Written by Norman Isaac Mwambazi

Quality stocks are at their cheapest since the dotcom bubble – New market research shows

The continued rise of value stocks only means that quality stocks also continue dropping, and they have reached a new …

The continued rise of value stocks only means that quality stocks also continue dropping, and they have reached a new milestone.

According to a new research note issued to investors and analysts by Tony DeSpirito, the Chief Investment Officer (CIO) of U.S. fundamental equities at BlackRock Inc., higher quality stocks are trading at their largest valuation discount to the broad market since the dot com bubble of the early 2000s.

What is a Quality stock?

Since stocks are issued by companies, a company has to be of high quality in order to have its stock categorised as a quality stock. In this sense, a quality company is one that is highly profitable and has a record of stable business performance over time. This company has the financial strength to invest for the long term. With that being said, the best performing quality stocks are those that have good track records of returning surplus cashflows to shareholders mostly through dividends.

According to British multinational asset management company Schroders PLC, quality stocks are captured using three key characteristics, namely:

  • Profitability – Rates of returns, particularly return on equity, cash flow generation and the margins of the business, which measure the ability of the company to generate profits from its assets.
  • Stability – While profitability is a significant driver of relative stock returns over time it can be enhanced by focusing upon companies with more stable fundamentals. They analyse the growth of dividends, stability of cash flows, earnings and sales over time which helps to avoid temporarily cyclically strong companies which may easily be mistaken for sustainable growth. Moreover, by analysing a variety of largely discretionary items (e.g. accounting accruals, capital expenditure, the change in shares, the ratio of investment to assets and recent asset growth to name a few) we can also capture how management is expanding the business and its sustainability, as well as flagging potential operational risks.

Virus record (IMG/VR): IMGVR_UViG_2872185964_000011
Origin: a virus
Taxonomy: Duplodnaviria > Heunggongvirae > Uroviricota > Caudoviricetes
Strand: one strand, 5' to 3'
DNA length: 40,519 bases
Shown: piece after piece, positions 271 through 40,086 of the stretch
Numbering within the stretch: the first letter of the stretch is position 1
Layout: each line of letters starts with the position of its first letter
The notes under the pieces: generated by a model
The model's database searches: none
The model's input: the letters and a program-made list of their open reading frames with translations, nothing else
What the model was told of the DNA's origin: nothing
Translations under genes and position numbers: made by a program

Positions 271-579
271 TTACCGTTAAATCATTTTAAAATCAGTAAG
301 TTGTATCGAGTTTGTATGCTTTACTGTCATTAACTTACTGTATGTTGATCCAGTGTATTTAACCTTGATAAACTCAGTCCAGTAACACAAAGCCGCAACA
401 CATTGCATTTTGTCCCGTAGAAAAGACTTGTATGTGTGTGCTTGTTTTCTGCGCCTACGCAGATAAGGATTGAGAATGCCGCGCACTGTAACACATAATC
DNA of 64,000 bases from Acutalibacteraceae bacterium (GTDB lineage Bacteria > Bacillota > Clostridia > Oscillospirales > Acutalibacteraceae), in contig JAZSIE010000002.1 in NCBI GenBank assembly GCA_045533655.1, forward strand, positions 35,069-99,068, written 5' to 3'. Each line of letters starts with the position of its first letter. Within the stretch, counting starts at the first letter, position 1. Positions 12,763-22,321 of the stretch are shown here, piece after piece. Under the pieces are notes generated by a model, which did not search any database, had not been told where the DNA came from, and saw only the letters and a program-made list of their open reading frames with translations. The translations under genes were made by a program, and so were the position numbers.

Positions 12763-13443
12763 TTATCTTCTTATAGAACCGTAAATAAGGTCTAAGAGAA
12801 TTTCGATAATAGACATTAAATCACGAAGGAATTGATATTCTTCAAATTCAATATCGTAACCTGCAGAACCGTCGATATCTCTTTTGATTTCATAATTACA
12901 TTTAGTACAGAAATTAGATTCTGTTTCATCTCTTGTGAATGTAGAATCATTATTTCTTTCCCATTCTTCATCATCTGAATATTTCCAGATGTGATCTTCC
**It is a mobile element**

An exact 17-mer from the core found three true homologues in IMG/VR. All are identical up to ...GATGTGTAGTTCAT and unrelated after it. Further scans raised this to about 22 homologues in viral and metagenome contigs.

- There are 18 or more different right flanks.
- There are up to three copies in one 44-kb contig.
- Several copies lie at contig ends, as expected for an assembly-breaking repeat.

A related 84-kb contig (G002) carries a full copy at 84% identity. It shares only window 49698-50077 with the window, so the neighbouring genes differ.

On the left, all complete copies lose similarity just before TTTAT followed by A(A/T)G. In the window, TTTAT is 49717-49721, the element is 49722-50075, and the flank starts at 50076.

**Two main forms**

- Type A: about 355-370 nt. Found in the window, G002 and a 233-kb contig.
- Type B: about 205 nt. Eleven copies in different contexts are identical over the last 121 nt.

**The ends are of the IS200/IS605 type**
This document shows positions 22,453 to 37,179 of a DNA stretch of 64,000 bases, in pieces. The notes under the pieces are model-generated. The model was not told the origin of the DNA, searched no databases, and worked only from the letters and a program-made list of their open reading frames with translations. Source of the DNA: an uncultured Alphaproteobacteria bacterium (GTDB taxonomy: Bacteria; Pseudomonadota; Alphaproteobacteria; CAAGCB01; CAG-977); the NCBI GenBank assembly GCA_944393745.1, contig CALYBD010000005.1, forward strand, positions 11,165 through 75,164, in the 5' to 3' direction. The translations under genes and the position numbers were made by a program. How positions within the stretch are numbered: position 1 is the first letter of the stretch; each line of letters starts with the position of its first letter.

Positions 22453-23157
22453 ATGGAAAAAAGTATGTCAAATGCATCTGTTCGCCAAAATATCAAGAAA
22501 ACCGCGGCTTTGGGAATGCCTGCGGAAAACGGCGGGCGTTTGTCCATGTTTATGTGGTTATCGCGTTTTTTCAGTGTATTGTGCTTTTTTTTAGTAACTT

• Financial Strength – Whilst some debt is fine, it is also important to distinguish between those companies that are expanding via excessive financial leverage. Companies with modest leverage and ample ability to service that debt are more likely to be masters of their own destiny. Thus Quality companies have appropriate leverage given the investment cycle, cyclicality of cash flows and opportunities to invest in high returning investments.
Quality stocks are at their cheapest since the dotcom bubble – New market research shows
SOURCE: BlackRock Inc.

Surprisingly, despite the impressive fundamental features of high quality companies, you could thing their stock would greatly attract investors but this has not been the case for now nine months which makes us wonder why!

So, why are quality stocks sucking the wind?

We know the what, but to understand the why, we need to first know the when. When did investors abandon quality stocks? We find the answer in DeSpirito’s research, which has established that quality stocks started underperforming in November 2020, just after Pfizer and BioNTech announced the discovery of the COVID-19 vaccine.

After the discovery of the COVID-19 vaccines, conversations and expectations of the global economy to recover from the Coronavirus vaccine were high so you would think investors would pick up stock from those countries that had more potential of lifting their dividends and share repurchase plans because of the macro rebound). To my, and the market’s surprise, investors have largely avoided or sold quality stocks since November last year in favour of riskier bets that produced strong gains early in the recovery.

The performance of the Invesco S&P 500 High Beta ETF is great example of this dynamic. Some of the top holdings of the Invesco S&P 500 High Beta ETF include high risk bets on companies like United Airlines and Carnival Corporation and plc which are expected to hugely benefit from the economy recovery brought about by the discovery of the COVID-19 vaccine that would allow more people to travel and go on cruises.

The ETF has posted high gains of 31% year-to-date, outperforming the benchmark S&P 500 which has gained 13% in the same period. On the other hand, the Schwab U.S. Dividend Equity ETF which includes high quality dividend growers like Home Depot is underperforming the Invesco S&P 500 High Beta ETF, gaining only 17% year-to-date.

The investment seeks to track the investment results (before fees and expenses) of the S&P 500® High Beta Index (the “underlying index”). The fund, which is compiled, maintained and calculated by the S&P Dow Jones Indices LLC generally will invest at least 90% of its total assets in the securities that comprise the underlying index.

The good news..

Despite the current storm sweeping high quality stocks for nine months now, DeSpirito believes the tide is about to swing back and soon enough, they will find a smooth sailing.  

“We see potential for quality to rerate higher. As the cycle evolves, the market will look ahead to more normalized growth rates, and investors are likely to grow more cautious amid concerns around taxes, inflation and the timing of a Fed policy shift,” DeSpirito explained.